Wednesday, October 14, 2009

Horror Movies That Don't Suck: The Fly (1958)

Like most people of the last generation or two, when I think of The Fly, I think of the remake directed by David Cronenberg. The melodramatic acting style of the film hasn't aged well, and the fact that Cronenberg was working from someone else's script as opposed to his own is unfortunately evident, but the special effects are amazing and the film stands as one of the few remakes thought to be better than the original. Due to this assumption and having the original summarized for me on several occasions, I've only recently gotten around to seeing the Vincent Price classic. Then this morning I noticed that James over at Cinemassacre decided to take a look at the film, and for the most part agree with his review. The original Fly is a much, much underrated film that is nothing like its black and white sequel (the first one is in color) with its iconic giant fake bug head monster. Instead, it has much more of the romantic tragedy that the Cronenberg sequel is known for (which was one of the major contributions Cronenberg made to Charles Edward Pogue's script). The tired motif of 50s sci-fi, 'beware the dangers of science' is prevalent throughout and one of the major drags of the film, but the chemistry of the characters is wonderful. It's a pretty sincere melodrama, and the wonder of it is in how great a horror movie it is without a tacked on body count. Like the remake, the horror of the film is what someone working alone does to their body. In place of his teleportation machine, one could easily imagine experiments with radioactive material going wrong, slowly deteriorating away. In this case, slowly losing grasp of one's humanity. It's a surprisingly tragic film, with minimal interest in trying to scare and much more of a focus upon having a loved one slowly die a horrible death.

I can't say really if the classic or original is superior, but in many ways that's why a recommend fellow fans of the remake check it out. Again, I suspect many have confused the terrible sequel, which is shot in black and white and also features Vincent Price, for the original which was shot in color. The difference in monster design is rather significant, original isn't anywhere near as absurd and for the time was a pretty decent low budget monster. More importantly, since the monster is tragic as oppose to a dangerous beast, the film dosen't rely so heavily on it being scary, the limited number of sets give the film a nice theatric feel to them further making the effects forgivable. It's always a shame with films like this how difficult it is to go into them fresh, for the idea of experiencing this with out the knowledge that it is about a fly-man is quite fun. The film's a slow burn investigation that shifts into a confession for why the doctor's wife apparently murdered him. I really like the narrative pacing of this one much more than the original which always felt clunky when it came to editing.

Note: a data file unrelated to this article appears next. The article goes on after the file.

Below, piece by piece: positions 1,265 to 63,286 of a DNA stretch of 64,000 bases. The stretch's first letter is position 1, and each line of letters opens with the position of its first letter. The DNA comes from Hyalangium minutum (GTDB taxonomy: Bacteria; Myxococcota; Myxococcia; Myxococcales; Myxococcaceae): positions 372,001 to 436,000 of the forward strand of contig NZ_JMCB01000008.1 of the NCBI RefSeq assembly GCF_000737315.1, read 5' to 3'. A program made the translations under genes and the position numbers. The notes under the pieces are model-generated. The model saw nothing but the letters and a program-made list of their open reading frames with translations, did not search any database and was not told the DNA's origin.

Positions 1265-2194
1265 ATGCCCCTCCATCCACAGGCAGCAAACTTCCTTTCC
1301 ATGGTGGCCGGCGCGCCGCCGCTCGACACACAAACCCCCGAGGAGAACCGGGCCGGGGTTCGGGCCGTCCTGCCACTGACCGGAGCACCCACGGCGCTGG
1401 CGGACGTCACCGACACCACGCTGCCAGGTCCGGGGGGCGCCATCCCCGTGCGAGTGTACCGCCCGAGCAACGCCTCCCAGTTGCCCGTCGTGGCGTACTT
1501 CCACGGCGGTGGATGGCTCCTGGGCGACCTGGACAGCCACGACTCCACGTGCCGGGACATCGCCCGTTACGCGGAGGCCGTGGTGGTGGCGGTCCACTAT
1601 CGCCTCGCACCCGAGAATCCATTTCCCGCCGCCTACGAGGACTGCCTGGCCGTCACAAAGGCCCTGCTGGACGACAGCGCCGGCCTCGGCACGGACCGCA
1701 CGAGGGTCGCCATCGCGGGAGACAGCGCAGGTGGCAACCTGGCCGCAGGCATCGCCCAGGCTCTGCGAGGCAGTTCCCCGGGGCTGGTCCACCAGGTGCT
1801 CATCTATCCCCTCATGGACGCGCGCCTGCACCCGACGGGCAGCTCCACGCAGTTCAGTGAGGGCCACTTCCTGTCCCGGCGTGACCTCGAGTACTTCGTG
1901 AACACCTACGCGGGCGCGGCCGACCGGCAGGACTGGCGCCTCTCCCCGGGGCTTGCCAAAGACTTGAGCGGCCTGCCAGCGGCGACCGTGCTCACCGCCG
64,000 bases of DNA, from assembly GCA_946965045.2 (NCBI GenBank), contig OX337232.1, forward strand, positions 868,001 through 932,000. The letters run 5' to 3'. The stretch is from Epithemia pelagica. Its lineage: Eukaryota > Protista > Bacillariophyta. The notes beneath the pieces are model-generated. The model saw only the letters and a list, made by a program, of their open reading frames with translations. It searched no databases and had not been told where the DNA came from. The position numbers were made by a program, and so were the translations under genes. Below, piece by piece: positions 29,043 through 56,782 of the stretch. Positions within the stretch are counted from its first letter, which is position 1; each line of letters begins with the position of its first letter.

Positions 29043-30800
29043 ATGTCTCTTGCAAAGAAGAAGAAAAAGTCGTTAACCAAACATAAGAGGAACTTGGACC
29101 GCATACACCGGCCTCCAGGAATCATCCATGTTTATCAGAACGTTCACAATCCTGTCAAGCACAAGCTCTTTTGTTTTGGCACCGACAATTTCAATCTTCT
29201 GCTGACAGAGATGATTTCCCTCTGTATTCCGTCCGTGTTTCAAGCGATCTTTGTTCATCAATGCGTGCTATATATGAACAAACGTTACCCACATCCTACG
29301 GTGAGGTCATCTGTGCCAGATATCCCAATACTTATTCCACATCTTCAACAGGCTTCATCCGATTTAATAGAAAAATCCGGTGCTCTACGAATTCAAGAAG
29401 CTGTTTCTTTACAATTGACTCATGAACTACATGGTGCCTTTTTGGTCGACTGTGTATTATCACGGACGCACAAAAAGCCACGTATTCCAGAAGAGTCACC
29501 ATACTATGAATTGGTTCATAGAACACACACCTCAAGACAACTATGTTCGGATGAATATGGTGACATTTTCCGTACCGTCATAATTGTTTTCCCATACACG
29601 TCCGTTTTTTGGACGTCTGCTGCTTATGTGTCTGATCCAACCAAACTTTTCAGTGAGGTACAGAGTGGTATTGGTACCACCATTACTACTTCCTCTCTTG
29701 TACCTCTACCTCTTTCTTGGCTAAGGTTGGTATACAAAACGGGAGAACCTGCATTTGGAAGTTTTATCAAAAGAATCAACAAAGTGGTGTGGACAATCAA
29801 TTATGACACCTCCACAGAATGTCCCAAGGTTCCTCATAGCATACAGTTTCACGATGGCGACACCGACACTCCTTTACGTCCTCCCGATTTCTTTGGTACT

If you like classic horror movies like The Wolfman, I highly recommend giving this an open minded shot. It has really been overshadowed for far too long by its fantastic remake.


Blogger Cory Capron said...

NOTE: I suggest the Wolfman more for it's compelling characters and dimension of tragedy which I think are both qualities of The Fly. The Fly does not however have that same kind of rich Gothic atmosphere. Though instead it does have an interesting way of almost playing with its 50s leave it to beaver gloss. A kind of perfect world invaded by an absurd, perverse even, secret world of science untamed.

3:53 PM  

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